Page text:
Jacob Green talks about the Paris-Baltimore open source connection. (Courtesy photo)

Jacob Green talks about the Paris-Baltimore open source connection. (Courtesy photo)

In bringing it to Baltimore, the idea is also to convene residents and institutions around the effort, as well as technologists and community orgs that will use the apps that are developed, like SFNC.

MICA, the Baltimore arts college that has a campus is nearby, is a partner for strategizing on the effort and launch of the platform, Christi Green said. And students at Johns Hopkins worked on various projects during a computer science class. (It was also among the platforms offered at HopHacks‘ fall edition). The Hopkins students helped to develop self-service scheduling tools for the center’s services.

In December, the group that’s involved from Baltimore went to Paris for an unconference on the effort.

Given that open source enables functionalities to be scaled and freely distributed once they are developed, what's developed in the community can then spread.

When used at St. Francis, Christi Green said tools can help provide functions for the staff as they schedule and run programs, as well as provide a digital place for members to connect and an area for the community members who use the space to see space that’s available. It’ll be important as they grow.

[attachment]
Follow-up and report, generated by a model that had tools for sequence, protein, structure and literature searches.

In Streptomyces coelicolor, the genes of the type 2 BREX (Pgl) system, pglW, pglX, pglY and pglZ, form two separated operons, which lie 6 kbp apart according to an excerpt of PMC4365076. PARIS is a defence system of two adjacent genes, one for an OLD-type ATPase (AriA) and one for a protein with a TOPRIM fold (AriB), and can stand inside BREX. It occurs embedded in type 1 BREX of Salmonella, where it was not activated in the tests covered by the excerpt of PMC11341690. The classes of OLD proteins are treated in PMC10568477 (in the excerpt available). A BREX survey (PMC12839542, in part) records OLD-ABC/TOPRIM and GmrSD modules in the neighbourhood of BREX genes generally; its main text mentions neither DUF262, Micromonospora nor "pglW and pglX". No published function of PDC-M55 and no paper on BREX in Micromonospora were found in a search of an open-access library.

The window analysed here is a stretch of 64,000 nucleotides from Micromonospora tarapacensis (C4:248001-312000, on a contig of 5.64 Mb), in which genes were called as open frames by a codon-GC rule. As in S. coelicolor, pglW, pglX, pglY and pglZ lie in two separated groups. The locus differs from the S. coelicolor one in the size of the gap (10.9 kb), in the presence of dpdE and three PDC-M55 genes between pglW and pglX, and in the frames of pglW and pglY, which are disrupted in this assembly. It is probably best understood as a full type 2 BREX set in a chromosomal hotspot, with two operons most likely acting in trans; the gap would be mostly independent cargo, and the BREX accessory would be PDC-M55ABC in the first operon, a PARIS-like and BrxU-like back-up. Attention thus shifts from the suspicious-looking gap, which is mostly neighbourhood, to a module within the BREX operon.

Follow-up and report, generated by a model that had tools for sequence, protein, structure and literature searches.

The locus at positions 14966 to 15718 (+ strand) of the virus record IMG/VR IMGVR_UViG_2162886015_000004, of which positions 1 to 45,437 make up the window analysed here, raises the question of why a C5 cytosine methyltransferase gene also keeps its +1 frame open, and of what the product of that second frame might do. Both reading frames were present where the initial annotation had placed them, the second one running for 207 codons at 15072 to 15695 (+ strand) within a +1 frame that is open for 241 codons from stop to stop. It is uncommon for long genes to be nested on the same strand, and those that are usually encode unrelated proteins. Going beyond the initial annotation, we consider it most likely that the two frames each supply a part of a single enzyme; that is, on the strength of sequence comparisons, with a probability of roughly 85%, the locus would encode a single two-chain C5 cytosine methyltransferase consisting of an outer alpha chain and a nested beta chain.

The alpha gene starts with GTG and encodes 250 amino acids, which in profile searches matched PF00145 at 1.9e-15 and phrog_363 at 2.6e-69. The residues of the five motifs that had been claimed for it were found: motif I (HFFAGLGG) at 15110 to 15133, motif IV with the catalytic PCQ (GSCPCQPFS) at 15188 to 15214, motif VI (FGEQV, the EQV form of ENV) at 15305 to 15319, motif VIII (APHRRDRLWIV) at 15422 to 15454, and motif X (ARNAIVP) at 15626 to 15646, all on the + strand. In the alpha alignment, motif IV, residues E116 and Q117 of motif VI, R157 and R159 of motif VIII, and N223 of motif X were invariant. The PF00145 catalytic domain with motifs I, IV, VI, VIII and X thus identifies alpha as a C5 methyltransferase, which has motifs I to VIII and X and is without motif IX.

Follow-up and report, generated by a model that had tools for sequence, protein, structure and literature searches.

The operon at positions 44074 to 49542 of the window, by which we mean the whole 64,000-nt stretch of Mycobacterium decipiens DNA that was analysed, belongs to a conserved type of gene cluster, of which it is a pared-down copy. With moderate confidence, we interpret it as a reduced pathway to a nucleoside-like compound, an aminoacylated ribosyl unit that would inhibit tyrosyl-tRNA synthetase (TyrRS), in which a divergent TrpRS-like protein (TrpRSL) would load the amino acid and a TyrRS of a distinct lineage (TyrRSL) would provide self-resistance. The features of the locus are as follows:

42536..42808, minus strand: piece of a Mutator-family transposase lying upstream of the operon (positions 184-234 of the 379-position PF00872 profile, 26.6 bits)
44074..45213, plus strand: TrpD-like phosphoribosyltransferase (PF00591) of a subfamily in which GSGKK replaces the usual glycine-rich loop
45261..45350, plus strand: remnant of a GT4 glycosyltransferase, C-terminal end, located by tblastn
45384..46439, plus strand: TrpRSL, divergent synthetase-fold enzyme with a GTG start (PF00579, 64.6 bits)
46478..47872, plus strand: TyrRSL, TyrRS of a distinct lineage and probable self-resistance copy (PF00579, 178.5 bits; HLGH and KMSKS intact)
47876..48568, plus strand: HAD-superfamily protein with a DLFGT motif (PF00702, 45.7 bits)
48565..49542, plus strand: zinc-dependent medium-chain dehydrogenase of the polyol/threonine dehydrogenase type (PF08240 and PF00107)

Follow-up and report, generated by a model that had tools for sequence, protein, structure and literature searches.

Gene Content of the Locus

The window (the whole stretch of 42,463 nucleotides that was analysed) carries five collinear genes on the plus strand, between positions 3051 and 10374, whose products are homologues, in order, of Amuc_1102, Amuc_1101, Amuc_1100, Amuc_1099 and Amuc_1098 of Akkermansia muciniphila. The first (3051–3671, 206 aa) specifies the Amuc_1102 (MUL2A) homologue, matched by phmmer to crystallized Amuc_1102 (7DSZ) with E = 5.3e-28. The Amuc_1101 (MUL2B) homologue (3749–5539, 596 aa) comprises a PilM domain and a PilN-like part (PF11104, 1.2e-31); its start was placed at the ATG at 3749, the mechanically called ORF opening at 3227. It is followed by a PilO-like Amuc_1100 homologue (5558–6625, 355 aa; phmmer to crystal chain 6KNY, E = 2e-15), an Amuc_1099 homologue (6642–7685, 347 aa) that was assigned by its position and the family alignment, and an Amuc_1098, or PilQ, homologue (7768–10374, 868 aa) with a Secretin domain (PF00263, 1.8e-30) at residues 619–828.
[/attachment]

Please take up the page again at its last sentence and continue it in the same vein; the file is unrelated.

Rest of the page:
“We feel like this program is going to help us navigate triple the size and be more effective than we are right now,” she said.

The idea is to develop functions that communities can use at the neighborhood level, and in turn are in response to what a center serving the community and residents themselves want. Given that open source enables functionalities to be scaled and freely distributed once they are developed, what’s developed in the community can then spread, Jacob Green said.

Christi Green also sees opportunity to provide education by teaching programming through Lutèce. The center is already working with Code in the Schools, and seeks to offer other tech education opportunities with drone outfit Global Air Media and Lance Lucas‘ tech training program Digit All City.

“Even though we’re small, it’s going to have a big impact,” she said.

The program comes as we’ve been seeing an uptick in conversation around smart city efforts to bring new technologies that will improve civic life. In developing at the neighborhood level and in a community center, the idea is to create technology that residents want.

So along with meetings in Paris, Jacob Green and MICA have also been leading roundtables with residents in West Baltimore.

“Baltimore residents know the city and community services they need,” said Sheri Parks, VP of MICA strategic initiatives, who is the lead institutional partner. “It is vital to partner with residents to create, maintain and drive the construction of services.”